TABLE III__________________________________________________________________________COMPARISON OF METHANE OXIDATIONS OVER FE SODALITE,GLASS BEADS AND HYDROXYSODALITE                 PRODUCTS           CH3 OH                                         CH4                                              O2RUN          GHSV            TEMP,                 MMOLE/HR   O2 USED                                    SEL.,                                         CONV,                                              CONV,NO. CATALYST HR-1            °C.                 CH3 OH                      CO CO2                            MMOLE/HR                                    %    %    %__________________________________________________________________________3   Fe Sodalite        530 407  2.14 0.66                         0.56                            3.8     64   4.6  7629  Glass Beads        530 407  0.07 0.08                         0.08                            0.3     47   0.2  730  Hydroxysodalite        530 404  --   -- -- --      --   --   --7   Fe Sodalite        530 418  2.73 0.71                         0.59                            4.5     68   5.4  9131  Glass Beads        530 418  0.50 0.33                         0.20                            0.8     44   1.4  1110  Fe Sodalite        530 422  2.58 0.94                         0.42                            4.6     65   5.4  9232  Glass Beads        530 422  1.00 0.57                         0.20                            1.3     56   2.5  268   Fe Sodalite        530 432  2.57 1.02                         0.44                            4.5     63   5.5  9033  Glass Beads        530 430  1.75 1.07                         0.31                            1.9     56   4.3  3834  Hydroxysodalite        530 435  0.02 -- 0.20                            0.2     59   0.3  411  Fe Sodalite        530 442  2.91 1.13                         0.44                            4.5     64   6.1  9035  Hydroxysodalite        530 445  0.90 1.80                         1.10                            4.2     24   5.1  8428b Fe Sodalite        11,600            434  23.6 56.9                         12.0                            104     25   5.8  9036  Hydroxysodalite        11,600            434  15.8 56.7                         8.4                            97      18   5.3  90__________________________________________________________________________

When methane is oxidized in accordance with example 15, except that the gas feed is a 94/6 methane/oxygen mixture instead of a 3/1 methane/air mixture, and product analysis is done on line so as to capture 100% of the methanol formed, methane is converted to methanol in up to 75% selectivity at up to 7% conversion.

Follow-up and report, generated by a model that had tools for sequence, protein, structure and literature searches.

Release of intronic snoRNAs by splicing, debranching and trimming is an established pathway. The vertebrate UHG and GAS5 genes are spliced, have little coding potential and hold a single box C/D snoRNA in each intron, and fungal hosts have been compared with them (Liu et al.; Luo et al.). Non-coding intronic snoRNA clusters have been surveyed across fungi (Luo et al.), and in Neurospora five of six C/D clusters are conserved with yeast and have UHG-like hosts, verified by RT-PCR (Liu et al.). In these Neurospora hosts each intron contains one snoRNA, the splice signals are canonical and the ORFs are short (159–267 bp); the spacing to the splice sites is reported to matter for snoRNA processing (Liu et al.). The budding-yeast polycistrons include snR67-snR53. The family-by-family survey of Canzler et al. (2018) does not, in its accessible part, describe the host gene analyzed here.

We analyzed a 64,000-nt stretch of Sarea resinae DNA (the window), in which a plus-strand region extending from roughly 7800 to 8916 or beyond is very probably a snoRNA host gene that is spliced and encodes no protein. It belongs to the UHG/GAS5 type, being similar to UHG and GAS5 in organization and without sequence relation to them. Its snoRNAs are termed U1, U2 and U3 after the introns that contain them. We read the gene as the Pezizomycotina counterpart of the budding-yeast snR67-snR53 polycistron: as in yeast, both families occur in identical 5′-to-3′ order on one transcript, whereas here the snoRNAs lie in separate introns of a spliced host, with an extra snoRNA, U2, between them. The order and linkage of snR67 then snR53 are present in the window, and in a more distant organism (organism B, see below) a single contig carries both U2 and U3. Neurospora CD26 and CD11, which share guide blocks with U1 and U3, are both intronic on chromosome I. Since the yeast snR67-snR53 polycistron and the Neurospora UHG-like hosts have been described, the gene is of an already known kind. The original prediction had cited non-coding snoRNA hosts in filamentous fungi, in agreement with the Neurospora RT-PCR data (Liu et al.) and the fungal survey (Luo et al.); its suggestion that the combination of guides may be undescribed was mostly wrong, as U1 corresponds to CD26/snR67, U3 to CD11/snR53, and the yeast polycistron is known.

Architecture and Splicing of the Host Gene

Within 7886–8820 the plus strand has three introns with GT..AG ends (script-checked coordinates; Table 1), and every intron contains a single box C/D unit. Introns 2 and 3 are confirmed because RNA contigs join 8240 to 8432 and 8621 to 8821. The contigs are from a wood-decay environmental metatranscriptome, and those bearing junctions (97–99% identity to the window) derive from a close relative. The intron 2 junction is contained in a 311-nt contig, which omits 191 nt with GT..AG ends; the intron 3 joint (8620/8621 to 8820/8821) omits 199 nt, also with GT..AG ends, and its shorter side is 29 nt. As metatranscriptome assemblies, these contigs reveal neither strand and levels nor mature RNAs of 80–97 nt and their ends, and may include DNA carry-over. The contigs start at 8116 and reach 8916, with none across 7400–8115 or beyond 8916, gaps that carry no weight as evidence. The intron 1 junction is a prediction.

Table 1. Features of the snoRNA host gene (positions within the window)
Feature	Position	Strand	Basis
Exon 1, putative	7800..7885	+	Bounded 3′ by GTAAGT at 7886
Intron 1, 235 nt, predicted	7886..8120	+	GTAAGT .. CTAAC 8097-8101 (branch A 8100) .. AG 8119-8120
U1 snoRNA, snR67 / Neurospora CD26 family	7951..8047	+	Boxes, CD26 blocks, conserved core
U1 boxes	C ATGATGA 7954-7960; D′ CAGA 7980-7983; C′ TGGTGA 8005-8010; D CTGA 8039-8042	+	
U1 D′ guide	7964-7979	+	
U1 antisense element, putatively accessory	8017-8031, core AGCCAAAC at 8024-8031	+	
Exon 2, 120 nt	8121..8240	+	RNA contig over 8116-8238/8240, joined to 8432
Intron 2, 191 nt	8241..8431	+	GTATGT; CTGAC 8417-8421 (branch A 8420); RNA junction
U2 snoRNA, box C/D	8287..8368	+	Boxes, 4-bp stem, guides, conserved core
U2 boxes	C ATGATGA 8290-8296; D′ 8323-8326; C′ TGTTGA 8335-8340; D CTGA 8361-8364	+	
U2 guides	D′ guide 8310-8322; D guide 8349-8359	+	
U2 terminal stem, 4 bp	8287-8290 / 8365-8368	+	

When a synthetic hydrocarbon mixture comprising 85% methane, 10% ethane and 5% propane, used as a model for natural gas, was oxidized in accordance with the process of example 7, the selectivity to a mixed C1 -C3 liquid oxygenate exceeded 75% and the selectivity to C1, C2 and C3 alcohols exceeded 65%.


When the synthetic natural gas of the composition given in example 37 is oxidized according to the method of example 36, a liquid oxygenate is formed in 70% selectivity.

A comparison of methane oxidations over iron sodalite, iron ZSM-5, the iron-molybdenum on silica alumina reported in United Kingdom Pat. No. 1,244,001, and iron oxide on silica may be made by an examination of the data in Table IV.

The iron-molybdenum catalyst of Example 43 was prepared as follows:

Dissolved 1.40 grams of ammonium molybdate in 10 ml. of hot deionized water. Weighed out 26.26 grams of silica-alumina 18/35 mesh into a drying dish. Poured the ammonium molybdate solution over the silica-alumina and stirred for 5 minutes. Then dried in 125° C. oven for 1/2 hour. Calcined in muffle furnace programmed to heat at 5° C./min. to 540° C. and hold for 2 hours. Temperature actually reached 610° C. Removed sample from drying oven. Ground and sieved to 18/35 mesh. Recovered 19.54 gram of 18/35 mesh. Put in drying dish. Dissolved 2.09 grams of ferric nitrate in 10 ml. of hot deionized water. Poured the ferric nitrate solution over the sample and stirred for 5 minutes. Dried in the 125° C. oven for 1/2 hour. Then calcined in the muffle furnace programmed to heat at 5° C./min. to 540° C. and hold for 2 hours. Removed sample from muffle furnace. Sieved to 18/35 mesh. Recovered 20.81 grams of 18/35 mesh.